Vermont Edition

A sheep pokes its head through a green metal fence at the 2020 Vermont Farm Show.
Lydia Brown / VPR

Live at noon: What do new national trade deals mean for Vermont's dairy industry? Was last year's hemp harvest a boom or bust for Vermont growers? Vermont Edition broadcasts live from the Champlain Valley Expo Center and brings you the sounds and voices of the 2020 Vermont Farm Show

fotostorm / istock

Vermont health officials have declared a statewide outbreak of hepatitis A. The number of hepatitis B cases has also risen in the state.

We check in with State Epidemiologist Patsy Kelso for a closer look at what is happening.

Bottles with blue caps and labels that say "pasteurized human milk."
Jane Lindholm / VPR

At the newly opened Vermont Donor Milk Center in Essex Junction, there is a bar.

"We offer hot beverages, cold beverages," said the nonprofit's co-executive director Rachel Foxx. "And donor human milk."

Kids' Work Chicago Daycare / Creative Commons

This month, Vermont child care provider Loveworks announced it will close its centers in Montpelier, Williston, and Milton.

In a letter to families, President Lisa Zengilowski said these locations "have proven too difficult to make financially sustainable" and will close on Friday, March 13.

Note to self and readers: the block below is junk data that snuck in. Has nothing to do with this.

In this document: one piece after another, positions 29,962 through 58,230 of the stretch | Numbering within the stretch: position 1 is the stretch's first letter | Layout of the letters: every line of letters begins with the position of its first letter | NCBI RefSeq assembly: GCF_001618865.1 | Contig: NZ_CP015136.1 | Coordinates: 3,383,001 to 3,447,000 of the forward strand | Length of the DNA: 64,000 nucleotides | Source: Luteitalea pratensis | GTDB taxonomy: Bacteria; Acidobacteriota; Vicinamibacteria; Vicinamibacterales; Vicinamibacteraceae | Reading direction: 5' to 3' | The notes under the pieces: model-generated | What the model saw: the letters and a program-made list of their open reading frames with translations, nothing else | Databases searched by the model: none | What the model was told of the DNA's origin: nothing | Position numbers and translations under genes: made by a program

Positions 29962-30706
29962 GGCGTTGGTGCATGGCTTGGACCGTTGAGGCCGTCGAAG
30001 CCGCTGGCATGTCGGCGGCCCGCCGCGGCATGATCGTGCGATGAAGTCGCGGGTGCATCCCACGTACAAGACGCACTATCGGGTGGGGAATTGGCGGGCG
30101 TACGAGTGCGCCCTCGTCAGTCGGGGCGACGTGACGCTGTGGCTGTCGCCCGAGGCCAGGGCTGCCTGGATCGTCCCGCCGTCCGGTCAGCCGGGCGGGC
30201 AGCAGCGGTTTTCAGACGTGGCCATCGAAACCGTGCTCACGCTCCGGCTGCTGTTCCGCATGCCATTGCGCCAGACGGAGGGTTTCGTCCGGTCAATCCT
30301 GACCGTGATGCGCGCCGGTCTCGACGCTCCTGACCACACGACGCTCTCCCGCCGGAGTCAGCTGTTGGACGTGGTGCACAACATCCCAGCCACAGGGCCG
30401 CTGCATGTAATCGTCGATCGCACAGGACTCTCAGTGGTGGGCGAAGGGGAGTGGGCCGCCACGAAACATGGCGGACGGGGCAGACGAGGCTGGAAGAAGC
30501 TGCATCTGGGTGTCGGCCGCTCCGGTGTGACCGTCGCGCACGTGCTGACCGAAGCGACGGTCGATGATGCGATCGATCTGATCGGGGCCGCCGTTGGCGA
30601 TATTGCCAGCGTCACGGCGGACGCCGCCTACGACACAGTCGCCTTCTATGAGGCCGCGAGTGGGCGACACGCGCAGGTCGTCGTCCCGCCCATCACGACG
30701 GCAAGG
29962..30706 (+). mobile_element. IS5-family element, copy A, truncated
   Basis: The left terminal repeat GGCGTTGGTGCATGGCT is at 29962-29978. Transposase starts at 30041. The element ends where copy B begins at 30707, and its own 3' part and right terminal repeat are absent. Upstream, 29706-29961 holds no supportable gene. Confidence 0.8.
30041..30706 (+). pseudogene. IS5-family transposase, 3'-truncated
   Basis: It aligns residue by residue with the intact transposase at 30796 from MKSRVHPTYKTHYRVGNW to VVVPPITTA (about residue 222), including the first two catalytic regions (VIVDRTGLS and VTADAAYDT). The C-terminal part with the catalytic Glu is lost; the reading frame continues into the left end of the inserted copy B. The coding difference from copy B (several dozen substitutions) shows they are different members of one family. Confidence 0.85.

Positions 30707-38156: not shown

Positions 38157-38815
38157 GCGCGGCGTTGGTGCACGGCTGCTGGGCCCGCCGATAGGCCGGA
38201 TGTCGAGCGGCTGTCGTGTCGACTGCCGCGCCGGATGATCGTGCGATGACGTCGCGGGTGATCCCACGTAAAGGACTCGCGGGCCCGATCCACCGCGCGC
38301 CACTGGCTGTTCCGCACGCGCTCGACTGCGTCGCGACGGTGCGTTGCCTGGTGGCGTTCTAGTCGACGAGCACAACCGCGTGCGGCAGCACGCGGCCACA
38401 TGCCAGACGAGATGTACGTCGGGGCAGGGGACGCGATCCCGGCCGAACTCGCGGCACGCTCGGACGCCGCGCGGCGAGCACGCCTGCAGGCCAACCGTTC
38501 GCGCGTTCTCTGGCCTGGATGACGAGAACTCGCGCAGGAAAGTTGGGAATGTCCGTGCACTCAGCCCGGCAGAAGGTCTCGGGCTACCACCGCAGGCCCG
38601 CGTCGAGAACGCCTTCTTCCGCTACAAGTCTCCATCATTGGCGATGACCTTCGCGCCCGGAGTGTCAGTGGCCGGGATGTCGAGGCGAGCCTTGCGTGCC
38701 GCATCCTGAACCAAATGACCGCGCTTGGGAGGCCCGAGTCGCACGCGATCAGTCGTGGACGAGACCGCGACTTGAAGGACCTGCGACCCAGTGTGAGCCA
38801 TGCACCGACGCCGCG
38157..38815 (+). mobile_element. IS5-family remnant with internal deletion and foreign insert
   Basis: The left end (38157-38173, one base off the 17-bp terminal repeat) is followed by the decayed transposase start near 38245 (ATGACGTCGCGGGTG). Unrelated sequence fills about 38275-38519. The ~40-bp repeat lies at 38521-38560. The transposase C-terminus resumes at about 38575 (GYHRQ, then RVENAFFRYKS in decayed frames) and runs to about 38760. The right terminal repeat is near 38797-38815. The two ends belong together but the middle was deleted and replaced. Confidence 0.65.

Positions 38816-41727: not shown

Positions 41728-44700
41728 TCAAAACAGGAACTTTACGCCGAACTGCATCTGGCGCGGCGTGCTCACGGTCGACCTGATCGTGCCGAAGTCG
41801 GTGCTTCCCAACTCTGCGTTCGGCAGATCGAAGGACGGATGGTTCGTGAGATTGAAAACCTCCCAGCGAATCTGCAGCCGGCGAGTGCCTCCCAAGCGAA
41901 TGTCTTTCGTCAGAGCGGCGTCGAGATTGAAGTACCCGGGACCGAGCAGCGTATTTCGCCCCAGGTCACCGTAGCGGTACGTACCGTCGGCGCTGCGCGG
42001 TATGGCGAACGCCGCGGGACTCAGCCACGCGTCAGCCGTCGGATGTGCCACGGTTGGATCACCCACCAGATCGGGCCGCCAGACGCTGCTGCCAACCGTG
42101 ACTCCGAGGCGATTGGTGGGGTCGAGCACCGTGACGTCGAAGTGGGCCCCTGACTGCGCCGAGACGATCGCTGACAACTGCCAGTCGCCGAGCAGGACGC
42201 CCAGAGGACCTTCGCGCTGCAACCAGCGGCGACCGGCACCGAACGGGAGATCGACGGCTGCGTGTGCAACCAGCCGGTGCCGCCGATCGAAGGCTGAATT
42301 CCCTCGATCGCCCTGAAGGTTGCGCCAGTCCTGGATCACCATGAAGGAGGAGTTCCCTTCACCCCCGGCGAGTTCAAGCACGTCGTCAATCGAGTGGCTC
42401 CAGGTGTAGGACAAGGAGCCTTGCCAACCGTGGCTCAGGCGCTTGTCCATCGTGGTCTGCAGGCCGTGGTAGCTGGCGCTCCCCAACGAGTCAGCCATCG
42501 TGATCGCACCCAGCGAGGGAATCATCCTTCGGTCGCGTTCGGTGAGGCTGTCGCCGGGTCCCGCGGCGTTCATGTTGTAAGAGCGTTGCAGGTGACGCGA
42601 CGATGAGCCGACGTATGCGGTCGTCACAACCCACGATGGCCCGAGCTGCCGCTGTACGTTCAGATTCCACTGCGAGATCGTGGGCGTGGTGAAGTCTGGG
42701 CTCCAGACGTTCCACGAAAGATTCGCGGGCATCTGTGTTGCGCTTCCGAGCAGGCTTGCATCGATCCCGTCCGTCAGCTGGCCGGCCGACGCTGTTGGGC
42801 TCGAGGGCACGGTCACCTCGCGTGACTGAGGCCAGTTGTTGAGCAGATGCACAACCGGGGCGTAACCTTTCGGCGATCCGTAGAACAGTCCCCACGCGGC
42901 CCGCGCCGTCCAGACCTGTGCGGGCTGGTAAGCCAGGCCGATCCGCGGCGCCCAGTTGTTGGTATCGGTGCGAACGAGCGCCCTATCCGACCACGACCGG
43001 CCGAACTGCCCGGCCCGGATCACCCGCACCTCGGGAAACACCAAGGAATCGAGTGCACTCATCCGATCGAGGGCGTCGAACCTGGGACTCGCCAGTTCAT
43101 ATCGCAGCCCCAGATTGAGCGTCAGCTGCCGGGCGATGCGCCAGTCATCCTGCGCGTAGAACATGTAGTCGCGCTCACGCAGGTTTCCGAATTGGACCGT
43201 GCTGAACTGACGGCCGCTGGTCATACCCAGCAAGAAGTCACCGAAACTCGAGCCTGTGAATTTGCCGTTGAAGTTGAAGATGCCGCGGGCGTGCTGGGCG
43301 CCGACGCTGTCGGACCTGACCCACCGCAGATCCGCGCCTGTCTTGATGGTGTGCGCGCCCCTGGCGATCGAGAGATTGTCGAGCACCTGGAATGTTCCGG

A classroom full of desks and chairs.
diane39 / iStock.com

Vermont schools have been undergoing a major shift in recent years toward proficiency-based learning. Now Vermont’s high school class of 2020 is sending off transcripts and grades based on this new system.

We're talking with educators about grading under Vermont's proficiency-based system. And how schools make these student assessment work not only for college admissions, but for scholarship applications, military enlistments and employers.

Close headshot of Governor Phil Scott
Rick Bowmer / Associated Press File

Gov. Phil Scott delivered his 2020 budget address to lawmakers Tuesday. We're diving into the details of those proposals with a roundtable of Vermont political reporters.

A man and his dog outside a camping tent.
Elodie Reed / VPR File

Vermont's annual Point-in-Time count takes place this week, surveying the state's homeless population over a 24-hour period between Wednesday, January 22 and Thursday, January 23. Last year's count reported a decline in homelessness in the state. But shelters remain in high demand. On this episode of Vermont Edition: a look at homelessness in Vermont. We talk trends and consider what's being done to make affordable housing a reality for more people.

A tall yellow sign reading "Dollar General" in front of a parking lot.
Liam Elder-Connors / VPR

Vermont has a lot of Dollar Generals. Thirty-seven to be exact. And Danielle Drogalis of Swanton wanted to know why.